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Horsepower is something we hear a lot in advertising. Vacuums, lawnmowers, and pretty much anything that has a motor, come with a horsepower rating to show how powerful it is. It’s the automotive industry, however, that features it the most, since horsepower makes a huge difference in the vehicles we buy.

Even though we place a lot of value on the horsepower rating a car has, not everyone knows what it is and what it has to do with horses.

What is horsepower and where did it come from?

The term horsepower, surprisingly, came long before automobiles were even a thing. In the late 1700s, James Watt, a Scottish engineer, set out to improve on a steam engine design that he felt was inefficient. His new creation contained a separate condenser, air pump, and even a rotary apparatus.

The new design promised to be revolutionary to the mining and farming industries. But, getting prospective buyers on board with this new steam engine would not be easy.

People had always compared steam engines to horses before Watt’s creation came along. They originally replaced the use of horses so that production would increase by speeding up the process. Sellers would compare the power their engine would output by the number of horses it would take to perform the same task. The idea behind this, was that it would cost less to buy their machine then it would be to maintain several horses to do the same job.

To advertise his creation, James Watts took that same concept and created a new type of measurement to show how much power his steam engine had. Based on his research of horses, he came up with a figure of approximately 33,000 ft-lbs of work per minute for an average horse.

His unit of measurement wasn’t an exact scientific formula, but it was enough to make it believable, to prospective buyers, that one of his engines could perform the same amount of power as multiple horses.

How does it relate to cars?

The horsepower unit of measurement stuck. Over the years, other steam and piston engines continued to use it. Eventually, when automobiles started hitting the market, the same term became commonplace in advertising to show off how much power the car had.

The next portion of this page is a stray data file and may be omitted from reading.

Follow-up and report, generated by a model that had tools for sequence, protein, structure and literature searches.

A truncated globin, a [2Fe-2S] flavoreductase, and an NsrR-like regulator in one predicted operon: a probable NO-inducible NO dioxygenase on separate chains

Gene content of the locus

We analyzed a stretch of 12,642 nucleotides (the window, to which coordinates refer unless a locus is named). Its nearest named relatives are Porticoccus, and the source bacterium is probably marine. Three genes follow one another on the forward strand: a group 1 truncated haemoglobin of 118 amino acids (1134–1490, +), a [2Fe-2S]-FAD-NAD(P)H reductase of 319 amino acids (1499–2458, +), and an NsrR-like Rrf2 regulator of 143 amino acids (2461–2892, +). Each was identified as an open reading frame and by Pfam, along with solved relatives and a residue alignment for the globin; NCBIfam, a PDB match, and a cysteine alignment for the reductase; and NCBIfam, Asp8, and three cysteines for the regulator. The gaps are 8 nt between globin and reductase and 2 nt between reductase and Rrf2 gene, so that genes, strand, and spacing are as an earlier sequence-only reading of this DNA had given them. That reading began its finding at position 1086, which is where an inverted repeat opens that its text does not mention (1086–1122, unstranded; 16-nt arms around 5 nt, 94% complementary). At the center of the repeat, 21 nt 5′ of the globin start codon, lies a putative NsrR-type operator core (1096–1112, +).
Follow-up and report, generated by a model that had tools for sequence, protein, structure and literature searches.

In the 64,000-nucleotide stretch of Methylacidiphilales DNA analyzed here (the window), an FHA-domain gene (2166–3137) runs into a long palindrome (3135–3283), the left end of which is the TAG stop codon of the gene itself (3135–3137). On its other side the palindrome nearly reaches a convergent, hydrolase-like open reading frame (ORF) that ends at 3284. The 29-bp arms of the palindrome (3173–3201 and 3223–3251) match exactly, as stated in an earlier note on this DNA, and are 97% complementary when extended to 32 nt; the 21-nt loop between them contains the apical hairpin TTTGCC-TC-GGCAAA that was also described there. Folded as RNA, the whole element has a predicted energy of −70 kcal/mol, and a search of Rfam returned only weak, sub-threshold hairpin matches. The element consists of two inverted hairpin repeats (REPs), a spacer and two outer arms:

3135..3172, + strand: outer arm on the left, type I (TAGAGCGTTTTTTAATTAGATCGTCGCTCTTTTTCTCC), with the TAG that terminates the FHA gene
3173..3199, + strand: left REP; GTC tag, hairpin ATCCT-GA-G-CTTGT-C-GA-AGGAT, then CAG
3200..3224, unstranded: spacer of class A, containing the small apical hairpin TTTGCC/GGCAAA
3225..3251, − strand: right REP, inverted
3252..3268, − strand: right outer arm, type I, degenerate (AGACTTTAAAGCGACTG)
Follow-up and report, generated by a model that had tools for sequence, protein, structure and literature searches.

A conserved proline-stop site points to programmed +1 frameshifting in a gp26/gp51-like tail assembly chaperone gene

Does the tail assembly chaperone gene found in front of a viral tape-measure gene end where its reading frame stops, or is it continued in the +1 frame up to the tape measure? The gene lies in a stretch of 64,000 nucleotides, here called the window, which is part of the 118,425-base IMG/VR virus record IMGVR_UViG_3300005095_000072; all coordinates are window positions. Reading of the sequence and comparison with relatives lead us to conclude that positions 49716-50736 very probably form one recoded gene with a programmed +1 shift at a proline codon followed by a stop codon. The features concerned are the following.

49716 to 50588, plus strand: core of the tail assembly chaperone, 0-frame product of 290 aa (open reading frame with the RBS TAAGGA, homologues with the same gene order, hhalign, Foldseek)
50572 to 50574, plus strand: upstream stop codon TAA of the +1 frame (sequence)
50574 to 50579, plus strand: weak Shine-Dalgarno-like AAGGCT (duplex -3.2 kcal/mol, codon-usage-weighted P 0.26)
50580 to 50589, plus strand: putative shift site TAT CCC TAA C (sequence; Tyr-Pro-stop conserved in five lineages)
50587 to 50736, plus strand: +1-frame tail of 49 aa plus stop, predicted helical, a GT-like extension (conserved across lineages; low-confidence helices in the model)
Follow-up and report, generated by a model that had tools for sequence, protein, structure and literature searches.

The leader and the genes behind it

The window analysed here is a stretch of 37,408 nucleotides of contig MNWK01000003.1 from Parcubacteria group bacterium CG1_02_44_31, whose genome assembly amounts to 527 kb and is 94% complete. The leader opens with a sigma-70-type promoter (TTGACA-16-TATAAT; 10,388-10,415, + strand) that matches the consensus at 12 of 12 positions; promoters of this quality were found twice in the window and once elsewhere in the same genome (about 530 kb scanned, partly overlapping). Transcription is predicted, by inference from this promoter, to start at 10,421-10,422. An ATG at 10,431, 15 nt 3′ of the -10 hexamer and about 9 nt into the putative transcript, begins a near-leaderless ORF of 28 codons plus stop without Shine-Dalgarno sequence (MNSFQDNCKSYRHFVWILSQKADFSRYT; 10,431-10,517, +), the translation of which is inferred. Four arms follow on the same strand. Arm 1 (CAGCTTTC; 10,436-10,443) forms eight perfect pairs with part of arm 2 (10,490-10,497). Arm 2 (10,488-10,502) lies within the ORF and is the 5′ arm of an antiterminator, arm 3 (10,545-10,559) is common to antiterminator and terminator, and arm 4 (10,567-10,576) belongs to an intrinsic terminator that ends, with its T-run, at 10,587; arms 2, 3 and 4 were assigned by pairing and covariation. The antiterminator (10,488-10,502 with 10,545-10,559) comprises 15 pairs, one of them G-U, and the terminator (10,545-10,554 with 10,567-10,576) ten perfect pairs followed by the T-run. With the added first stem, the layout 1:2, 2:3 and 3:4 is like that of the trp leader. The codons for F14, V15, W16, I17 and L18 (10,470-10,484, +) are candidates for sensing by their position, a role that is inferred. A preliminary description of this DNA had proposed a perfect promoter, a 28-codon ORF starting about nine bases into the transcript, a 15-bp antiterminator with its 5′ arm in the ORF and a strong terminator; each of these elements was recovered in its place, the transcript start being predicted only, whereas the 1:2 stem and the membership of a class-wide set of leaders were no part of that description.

Today, we measure horsepower by the amount of force needed to move 33,000 ft-lbs in one minute as Watts determined an average horse could do. The problem is that you could come up with several ratings, depending on certain factors.

However, to determine a more accurate number, a standard of measurement came out to regulate the output ratings. As Car and Driver explains, the official formula for power measurement is the SAE J1349.

With this method, you can get a third-party organization to certify the car as achieving the amounts you advertise it will do. This ensures consumers are getting what they paid for.

How does horsepower really affect cars?

Horsepower matters with the cars we buy. The higher the horsepower number is, the more advantage an automobile manufacturer has when selling a car with that motor, because speed is a desirable feature for many people. However, more factors go into achieving that speed. Why else would farm machinery have the same horsepower as a high-performance car?

For example, the amount of torque an engine outputs can impact the rating. Some other factors that affect a car’s performance include:

  • The weight of the vehicle
  • Body shape
  • Size of the engine
  • Type of motor (turbocharged engines have more to offer than standard)

But, not everyone is looking for a fast car. Lower horsepower outputs have benefits too. Smaller cars and midsize sedans will often sport a lower power rating to offer inexpensive price points. Not to mention, less horsepower typical means more fuel efficiency.

Even though we haven’t used horses for daily work for hundreds of years, horsepower ratings are still an important factor in a car’s performance. The rating you need for your vehicle’s engine should depend on what you want to get out of your purchase and which one meets your specifications.